σ = (16527348), τ = (152468)(37), στ = (16527348)(152468)(37) = (1286)(457).
Disjoint Cycles Commute. If two cycles move different sets of elements, then their effects are independent and it does not matter in which order they’re applied. More formally, If two pair of cycles σ and η are disjoint, i.e, they do no have entries in common, then ση=ησ.
Proof. Suppose σ and η are disjoint cycles, σ = {a_{1}, a_{2},…, a_{m}} and η = {b_{1}, b_{2},…, b_{n}}, and {a_{1}, a_{2},…, a_{m}} ∩ {b_{1}, b_{2},…, b_{n}} = ∅. Let A = {a_{1}, a_{2},…, a_{m}, b_{1}, b_{2},…, b_{n}, c_{1}, c_{2},…, c_{s}} where the c’s are the elements left fixed by both σ and η.
Then, ση(i) = ησ(i) ∀i∈A because (ση)(a_{i}) = σ(η(a_{i})) =[η fixes all a_{i}, 1 ≤ i ≤ m] σ(a_{i})= a_{i+1} where a_{m+1}=a_{1}. (ησ)(a_{i}) = η(σ(a_{i})) = η(a_{i+1}) =[η fixes all a_{i}, 1 ≤ i ≤ m] a_{i+1}
A similar argument shows that (ση)(b_{i}) = (ησ)(b_{i}).
Finally, (ση)(c_{i}) = σ(η(c_{i})) = σ(c_{i}) = c_{i}. (ησ)(c_{i}) = η(σ(c_{i})) = η(c_{i}) = c_{i}∎
Order of a permutation. The order of a permutation of a finite set A written in disjoint cycle form or representation is the least common multiple of the lengths of the cycles.
Proof:
Case 1. Let |A| = n. If α is a permutation on A and can be represented as a cycle of length n, then it has order n. Therefore, the order of α is equal to the length of its cycle, i.e., |α| = n, and the result holds for this particular case.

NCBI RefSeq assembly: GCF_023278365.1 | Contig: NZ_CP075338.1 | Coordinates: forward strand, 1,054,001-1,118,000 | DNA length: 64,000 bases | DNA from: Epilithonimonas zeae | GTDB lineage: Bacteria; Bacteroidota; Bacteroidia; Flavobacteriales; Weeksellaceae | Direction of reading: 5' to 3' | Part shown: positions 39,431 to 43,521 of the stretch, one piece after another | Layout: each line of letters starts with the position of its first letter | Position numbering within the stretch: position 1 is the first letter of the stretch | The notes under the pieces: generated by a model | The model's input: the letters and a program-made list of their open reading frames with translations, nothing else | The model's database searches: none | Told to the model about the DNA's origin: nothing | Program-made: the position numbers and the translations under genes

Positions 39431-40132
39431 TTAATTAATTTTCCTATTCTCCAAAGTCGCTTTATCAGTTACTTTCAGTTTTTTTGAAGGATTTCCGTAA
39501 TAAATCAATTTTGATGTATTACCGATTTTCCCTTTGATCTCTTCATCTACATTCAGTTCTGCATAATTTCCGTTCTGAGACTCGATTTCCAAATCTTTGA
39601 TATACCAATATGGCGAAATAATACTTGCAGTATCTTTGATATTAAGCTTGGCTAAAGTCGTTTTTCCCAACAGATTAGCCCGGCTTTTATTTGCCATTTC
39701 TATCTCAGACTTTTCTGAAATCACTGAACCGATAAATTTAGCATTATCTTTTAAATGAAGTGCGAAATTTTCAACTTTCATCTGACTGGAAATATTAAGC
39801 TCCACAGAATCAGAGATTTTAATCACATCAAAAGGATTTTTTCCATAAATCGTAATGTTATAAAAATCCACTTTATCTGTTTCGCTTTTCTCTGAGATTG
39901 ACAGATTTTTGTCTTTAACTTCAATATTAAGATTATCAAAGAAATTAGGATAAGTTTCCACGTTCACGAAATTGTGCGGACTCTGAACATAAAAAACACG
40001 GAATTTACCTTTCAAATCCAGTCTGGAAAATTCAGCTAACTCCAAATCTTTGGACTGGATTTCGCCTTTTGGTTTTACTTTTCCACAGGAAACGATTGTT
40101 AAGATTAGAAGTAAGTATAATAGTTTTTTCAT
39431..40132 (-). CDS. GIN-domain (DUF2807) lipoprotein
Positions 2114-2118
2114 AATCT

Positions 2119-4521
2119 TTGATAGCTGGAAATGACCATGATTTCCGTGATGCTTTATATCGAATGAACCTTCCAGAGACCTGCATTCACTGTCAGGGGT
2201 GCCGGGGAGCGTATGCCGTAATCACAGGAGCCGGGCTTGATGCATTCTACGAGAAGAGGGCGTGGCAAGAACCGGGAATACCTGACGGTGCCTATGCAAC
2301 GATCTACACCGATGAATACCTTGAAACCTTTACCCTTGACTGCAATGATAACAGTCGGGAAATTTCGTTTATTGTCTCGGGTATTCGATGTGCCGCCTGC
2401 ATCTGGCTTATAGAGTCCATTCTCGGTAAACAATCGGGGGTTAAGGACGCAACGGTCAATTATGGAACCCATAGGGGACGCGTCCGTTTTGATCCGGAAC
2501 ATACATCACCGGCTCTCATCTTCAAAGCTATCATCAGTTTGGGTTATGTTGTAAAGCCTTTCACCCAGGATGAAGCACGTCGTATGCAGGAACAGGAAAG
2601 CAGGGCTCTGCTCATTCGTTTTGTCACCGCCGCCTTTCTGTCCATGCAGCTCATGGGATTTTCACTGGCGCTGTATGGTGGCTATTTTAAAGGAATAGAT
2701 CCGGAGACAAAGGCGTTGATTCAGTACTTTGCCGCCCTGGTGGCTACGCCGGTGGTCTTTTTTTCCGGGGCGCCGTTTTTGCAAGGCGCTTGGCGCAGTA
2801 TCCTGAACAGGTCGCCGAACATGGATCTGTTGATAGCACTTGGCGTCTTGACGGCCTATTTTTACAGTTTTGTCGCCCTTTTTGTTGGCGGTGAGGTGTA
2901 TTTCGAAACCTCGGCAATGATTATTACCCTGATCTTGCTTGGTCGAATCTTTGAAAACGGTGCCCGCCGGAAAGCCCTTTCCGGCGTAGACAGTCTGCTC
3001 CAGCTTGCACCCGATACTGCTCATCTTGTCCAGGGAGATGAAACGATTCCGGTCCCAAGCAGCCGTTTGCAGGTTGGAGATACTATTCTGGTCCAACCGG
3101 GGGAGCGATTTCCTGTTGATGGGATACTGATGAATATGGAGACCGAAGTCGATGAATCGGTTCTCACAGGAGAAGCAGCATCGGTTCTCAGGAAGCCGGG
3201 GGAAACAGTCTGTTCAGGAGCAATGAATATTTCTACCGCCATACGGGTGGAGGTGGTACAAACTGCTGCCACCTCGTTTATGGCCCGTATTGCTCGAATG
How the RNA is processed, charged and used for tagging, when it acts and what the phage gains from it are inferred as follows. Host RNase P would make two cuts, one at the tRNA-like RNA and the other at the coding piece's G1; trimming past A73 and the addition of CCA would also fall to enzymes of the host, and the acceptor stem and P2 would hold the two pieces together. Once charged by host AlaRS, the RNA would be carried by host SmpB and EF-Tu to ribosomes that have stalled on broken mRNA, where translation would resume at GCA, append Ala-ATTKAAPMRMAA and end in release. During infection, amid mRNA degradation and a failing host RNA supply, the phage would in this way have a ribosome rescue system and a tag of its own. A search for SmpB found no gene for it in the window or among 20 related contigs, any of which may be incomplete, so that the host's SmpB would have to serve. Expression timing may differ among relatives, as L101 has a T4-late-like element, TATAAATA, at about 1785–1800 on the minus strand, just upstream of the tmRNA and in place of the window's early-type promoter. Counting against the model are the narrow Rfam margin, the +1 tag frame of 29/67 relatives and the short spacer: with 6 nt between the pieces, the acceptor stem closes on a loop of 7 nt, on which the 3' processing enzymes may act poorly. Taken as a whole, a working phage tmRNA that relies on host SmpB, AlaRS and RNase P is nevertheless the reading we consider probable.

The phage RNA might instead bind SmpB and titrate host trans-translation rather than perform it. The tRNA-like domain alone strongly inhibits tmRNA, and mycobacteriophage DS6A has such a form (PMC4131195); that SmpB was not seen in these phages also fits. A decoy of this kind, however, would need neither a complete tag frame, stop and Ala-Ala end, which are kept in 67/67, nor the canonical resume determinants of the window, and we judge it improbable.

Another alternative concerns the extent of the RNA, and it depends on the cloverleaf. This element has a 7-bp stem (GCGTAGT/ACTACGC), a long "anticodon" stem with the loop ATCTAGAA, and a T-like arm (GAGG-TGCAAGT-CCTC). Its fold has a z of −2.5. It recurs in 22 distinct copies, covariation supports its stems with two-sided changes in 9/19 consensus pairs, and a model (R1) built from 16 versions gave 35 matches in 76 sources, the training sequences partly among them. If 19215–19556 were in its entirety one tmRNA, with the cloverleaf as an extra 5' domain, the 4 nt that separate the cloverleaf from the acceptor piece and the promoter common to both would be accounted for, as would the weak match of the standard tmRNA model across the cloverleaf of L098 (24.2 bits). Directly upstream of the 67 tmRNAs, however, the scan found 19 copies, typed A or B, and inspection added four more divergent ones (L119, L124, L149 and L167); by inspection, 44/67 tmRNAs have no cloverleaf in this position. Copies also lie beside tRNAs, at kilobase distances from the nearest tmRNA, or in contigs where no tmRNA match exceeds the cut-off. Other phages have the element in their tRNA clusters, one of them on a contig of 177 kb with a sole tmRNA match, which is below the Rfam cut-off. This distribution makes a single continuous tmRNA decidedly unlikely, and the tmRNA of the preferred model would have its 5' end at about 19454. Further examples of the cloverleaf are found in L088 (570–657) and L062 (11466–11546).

Case 2. Let us now suppose that α can be expressed as a product of two disjoint cycles, say α = α_{1}α_{2} where α_{1} and α_{2} are disjoint cycles of lengths t_{1} and t_{2} respectively. |α| = t. We need to show that t = lcm (t_{1}, t_{2}).
Recall: lcm(t_{1}, t_{2}) = k ⇒ k = t_{1}s_{1} = t_{2}s_{2}.
α^{k} = (α_{1}α_{2})^{k} = [∴ disjoint cycles commute] α_{1}^{k}α_{2}^{k} = α_{1}^{t1s1}α_{2}^{t2s2} = (α_{1}^{t1})^{s1}(α_{2}^{t2})^{s2} = [A cycle of length n has order n] ee = e ⇒ |α| = t divides k = lcm(t_{1}, t_{2}).
Let α^{t} = (α_{1}α_{2})^{t} = [∴ disjoint cycles commute] α_{1}^{t}α_{2}^{t} = e ⇒ α_{1}^{t} = α_{2}^{-t}. However, α_{1} and α_{2} are disjoint, they share no common symbol ⇒ α_{1}^{t} and α_{2}^{-t} share not common symbol either. If these two cycles are both equal and yet, they share no symbol, it follows that they are both the identity because every symbol that no appears in a permutation is fixed by it, so every symbol in α_{1}^{t} is fixed by α_{2}^{-t} and vice-versa.
Therefore, both t_{1} and t_{2} must divide t ⇒ lcm(t_{1}, t_{2}) divides t, too. Then, t = lcm(t_{1}, t_{2}) ∎
lcm (m_{1}, m_{2},… m_{r}) = k ⇒ k = m_{1}s_{1} = m_{2}s_{2} = … = m_{r}s_{r}
α^{k} = (α_{1}α_{2}…α_{r})^{k} = [∴ disjoint cycles commute] α_{1}^{k}α_{2}^{k}…α_{r}^{k} = α_{1}^{m1s1}α_{2}^{m2s2}…α_{r}^{mrsr} = (α_{1}^{m1})^{s1}(α_{2}^{m2})^{s2}…(α_{r}^{mr})^{sr}= ee…e = e ⇒ |α| = t divides lcm(m_{1}, m_{2}, … m_{r}).
Let α^{t} = (α_{1}α_{2}…α_{r})^{t} = [∴ disjoint cycles commute] α_{1}^{t}α_{2}^{t}…α_{r}^{t} = e. For the same reasons of two disjoint cycles (that is, α_{1}^{t} does not share any symbols with α_{2}^{t}, α_{3}^{t} …, and α_{r}^{t}, and every symbol that no appears in α_{2}^{t}, …, α_{r}^{t} is fixed by these cycles ⇒ α_{1}^{t} is the identity), α_{1}^{t} = α_{2}^{t} = … = α_{r}^{t} = e ⇒ m_{1}, m_{2},… m_{r} divide t ⇒ lcm(m_{1}, m_{2}, … m_{r}) divides t ⇒ t = lcm(m_{1}, m_{2}, … m_{r})∎
Examples:
Definition. A transposition is a permutation which interchanges or swaps two elements and leaves everything else fixed. In other words, a transposition is a cycle of length 2, e.g., (2, 3) is the transposition that swaps 2 and 3 and leaves everything else fixed.